New Antibiotics for Healthcare-Associated Pneumonia

Elizabeth A. Neuner, Pharm.D.; David J. Ritchie, Pharm.D.; Scott T. Micek, Pharm.D.


Semin Respir Crit Care Med. 2009;30(1):92-101. 

In This Article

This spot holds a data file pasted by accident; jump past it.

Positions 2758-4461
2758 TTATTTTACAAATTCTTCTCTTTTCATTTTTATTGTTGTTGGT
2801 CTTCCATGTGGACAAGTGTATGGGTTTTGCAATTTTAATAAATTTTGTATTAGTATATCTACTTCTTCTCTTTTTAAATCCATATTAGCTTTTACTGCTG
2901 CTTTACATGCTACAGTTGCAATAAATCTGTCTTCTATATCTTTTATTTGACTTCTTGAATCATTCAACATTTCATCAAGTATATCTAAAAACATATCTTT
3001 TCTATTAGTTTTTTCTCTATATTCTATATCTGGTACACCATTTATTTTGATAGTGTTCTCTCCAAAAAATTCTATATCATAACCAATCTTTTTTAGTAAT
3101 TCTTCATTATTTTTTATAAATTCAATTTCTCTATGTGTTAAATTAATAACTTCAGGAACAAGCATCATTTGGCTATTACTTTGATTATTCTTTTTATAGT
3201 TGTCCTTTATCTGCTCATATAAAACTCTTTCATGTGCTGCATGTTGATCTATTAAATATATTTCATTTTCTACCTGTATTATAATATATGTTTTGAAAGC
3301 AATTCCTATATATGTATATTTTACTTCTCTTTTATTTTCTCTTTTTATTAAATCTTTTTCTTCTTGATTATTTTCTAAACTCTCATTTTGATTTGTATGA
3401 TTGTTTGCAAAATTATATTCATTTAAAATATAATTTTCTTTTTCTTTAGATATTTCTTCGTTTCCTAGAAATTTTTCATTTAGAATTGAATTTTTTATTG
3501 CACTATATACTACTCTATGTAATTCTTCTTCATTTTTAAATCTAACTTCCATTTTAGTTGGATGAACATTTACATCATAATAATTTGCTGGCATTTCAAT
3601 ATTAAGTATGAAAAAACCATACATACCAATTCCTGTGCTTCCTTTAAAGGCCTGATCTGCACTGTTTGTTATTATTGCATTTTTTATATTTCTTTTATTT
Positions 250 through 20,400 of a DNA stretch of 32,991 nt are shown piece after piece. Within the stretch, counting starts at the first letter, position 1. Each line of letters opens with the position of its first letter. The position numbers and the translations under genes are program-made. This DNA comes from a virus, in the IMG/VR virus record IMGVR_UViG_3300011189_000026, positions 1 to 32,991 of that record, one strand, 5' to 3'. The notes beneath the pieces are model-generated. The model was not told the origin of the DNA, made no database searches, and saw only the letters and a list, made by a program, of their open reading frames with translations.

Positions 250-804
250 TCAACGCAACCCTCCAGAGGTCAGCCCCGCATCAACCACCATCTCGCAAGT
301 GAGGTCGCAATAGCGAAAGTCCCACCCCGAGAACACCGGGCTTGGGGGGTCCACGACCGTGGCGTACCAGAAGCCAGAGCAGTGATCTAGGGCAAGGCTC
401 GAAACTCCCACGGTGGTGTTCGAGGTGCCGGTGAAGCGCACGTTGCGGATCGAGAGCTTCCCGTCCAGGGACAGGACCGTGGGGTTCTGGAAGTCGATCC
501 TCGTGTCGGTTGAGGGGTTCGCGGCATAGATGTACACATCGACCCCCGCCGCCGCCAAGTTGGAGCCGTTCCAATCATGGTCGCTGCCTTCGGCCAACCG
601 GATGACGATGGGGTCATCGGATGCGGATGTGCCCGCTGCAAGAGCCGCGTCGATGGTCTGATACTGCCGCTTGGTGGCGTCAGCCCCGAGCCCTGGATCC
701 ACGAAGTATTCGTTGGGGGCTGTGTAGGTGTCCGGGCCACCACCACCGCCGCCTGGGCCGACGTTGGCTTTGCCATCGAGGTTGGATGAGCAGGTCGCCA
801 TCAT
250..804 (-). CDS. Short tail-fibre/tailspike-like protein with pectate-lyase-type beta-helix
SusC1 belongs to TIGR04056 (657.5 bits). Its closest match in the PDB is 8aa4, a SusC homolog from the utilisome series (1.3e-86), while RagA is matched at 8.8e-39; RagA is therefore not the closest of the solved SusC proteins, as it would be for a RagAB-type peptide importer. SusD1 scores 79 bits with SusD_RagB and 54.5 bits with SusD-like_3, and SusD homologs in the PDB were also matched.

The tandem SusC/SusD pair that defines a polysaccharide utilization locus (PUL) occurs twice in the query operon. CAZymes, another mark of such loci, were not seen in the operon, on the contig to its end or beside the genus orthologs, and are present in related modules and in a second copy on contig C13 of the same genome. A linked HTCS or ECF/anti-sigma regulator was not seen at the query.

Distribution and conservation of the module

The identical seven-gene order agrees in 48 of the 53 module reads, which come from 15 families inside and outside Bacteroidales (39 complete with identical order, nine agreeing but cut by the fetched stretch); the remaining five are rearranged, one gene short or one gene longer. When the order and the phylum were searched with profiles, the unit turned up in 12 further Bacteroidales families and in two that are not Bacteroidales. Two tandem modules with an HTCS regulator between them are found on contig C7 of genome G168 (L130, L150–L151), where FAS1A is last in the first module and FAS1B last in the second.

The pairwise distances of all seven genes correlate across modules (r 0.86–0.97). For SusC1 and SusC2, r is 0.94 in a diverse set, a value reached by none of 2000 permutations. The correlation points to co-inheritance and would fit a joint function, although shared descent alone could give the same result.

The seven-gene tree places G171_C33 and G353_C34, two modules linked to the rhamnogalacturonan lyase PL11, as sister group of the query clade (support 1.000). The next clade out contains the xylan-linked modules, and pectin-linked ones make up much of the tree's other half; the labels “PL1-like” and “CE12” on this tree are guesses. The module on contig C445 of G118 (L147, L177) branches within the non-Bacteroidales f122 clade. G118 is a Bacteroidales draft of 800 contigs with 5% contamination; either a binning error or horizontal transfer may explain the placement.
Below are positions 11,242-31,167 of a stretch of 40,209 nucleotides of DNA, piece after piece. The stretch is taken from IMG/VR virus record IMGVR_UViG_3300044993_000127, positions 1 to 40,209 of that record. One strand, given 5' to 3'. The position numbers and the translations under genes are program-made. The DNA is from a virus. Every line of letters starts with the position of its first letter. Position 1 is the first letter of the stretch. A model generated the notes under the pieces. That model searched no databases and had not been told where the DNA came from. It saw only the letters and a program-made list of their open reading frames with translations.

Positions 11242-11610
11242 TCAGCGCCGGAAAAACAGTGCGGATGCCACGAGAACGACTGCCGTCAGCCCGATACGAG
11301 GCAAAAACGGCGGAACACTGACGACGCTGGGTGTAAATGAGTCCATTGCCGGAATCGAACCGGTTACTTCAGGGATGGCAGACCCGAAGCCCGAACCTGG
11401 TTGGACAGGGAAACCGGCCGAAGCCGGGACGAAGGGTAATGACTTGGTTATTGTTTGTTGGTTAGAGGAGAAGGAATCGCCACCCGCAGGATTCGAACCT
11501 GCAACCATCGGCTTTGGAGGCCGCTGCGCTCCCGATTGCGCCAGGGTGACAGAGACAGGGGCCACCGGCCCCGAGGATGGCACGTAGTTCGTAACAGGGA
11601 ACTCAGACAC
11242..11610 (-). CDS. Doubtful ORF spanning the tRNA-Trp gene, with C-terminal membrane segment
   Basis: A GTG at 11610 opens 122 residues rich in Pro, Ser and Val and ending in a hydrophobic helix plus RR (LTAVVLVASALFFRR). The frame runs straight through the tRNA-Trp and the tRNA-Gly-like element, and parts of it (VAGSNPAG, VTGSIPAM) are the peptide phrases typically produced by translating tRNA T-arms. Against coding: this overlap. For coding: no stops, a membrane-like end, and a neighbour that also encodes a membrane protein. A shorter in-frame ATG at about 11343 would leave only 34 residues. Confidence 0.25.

With the addition of these investigational and newly approved compounds to the antimicrobial armamentarium (Table 1), deciding the optimal role of each agent in the treatment of HCAP is important. With its broad spectrum of activity and supportive clinical trial results doripenem will likely become a new option for the treatment of HCAP. The optimal dose and role as an empirical agent or definitive therapy for resistant gram-negative organisms is debatable. Ceftobiprole is the first cephalosporin to possess MRSA activity in addition to antipseudomonal activity, affording it the potential for empirical monotherapy for HCAP. Clinical trials for the treatment of both CAP and HAP have recently been completed, and full publication of the results, including details regarding the subgroup analysis of patients with VAP, are eagerly anticipated. Although ceftaroline possesses anti-MRSA activity, its narrow gram-negative spectrum and lack of pseudomonal coverage will limit its use. The DHFR inhibitor iclaprim is currently being investigated for HAP, VAP, and HCAP due to gram-positive pathogens, including MRSA, because of its in vitro activity and pharmacokinetic profile. These early clinical studies will help determine the safety and efficacy of iclaprim and its future role. Many questions regarding the lung penetration, safety, and efficacy of the long-acting dalbavancin remain unanswered, and no conclusion regarding its role in the treatment of HCAP can be made at this time. Telavancin is a lipoglycopeptide with more promising potential for HCAP. The potent activity and noninferiority clinical trial data suggest telavancin may potentially be an alternative to vancomycin or linezolid as empirical treatment for gram-positive HCAP. Oritavancin has the infrastructure of intrapulmonary distribution and potent MRSA activity for future study for the treatment of respiratory tract infections.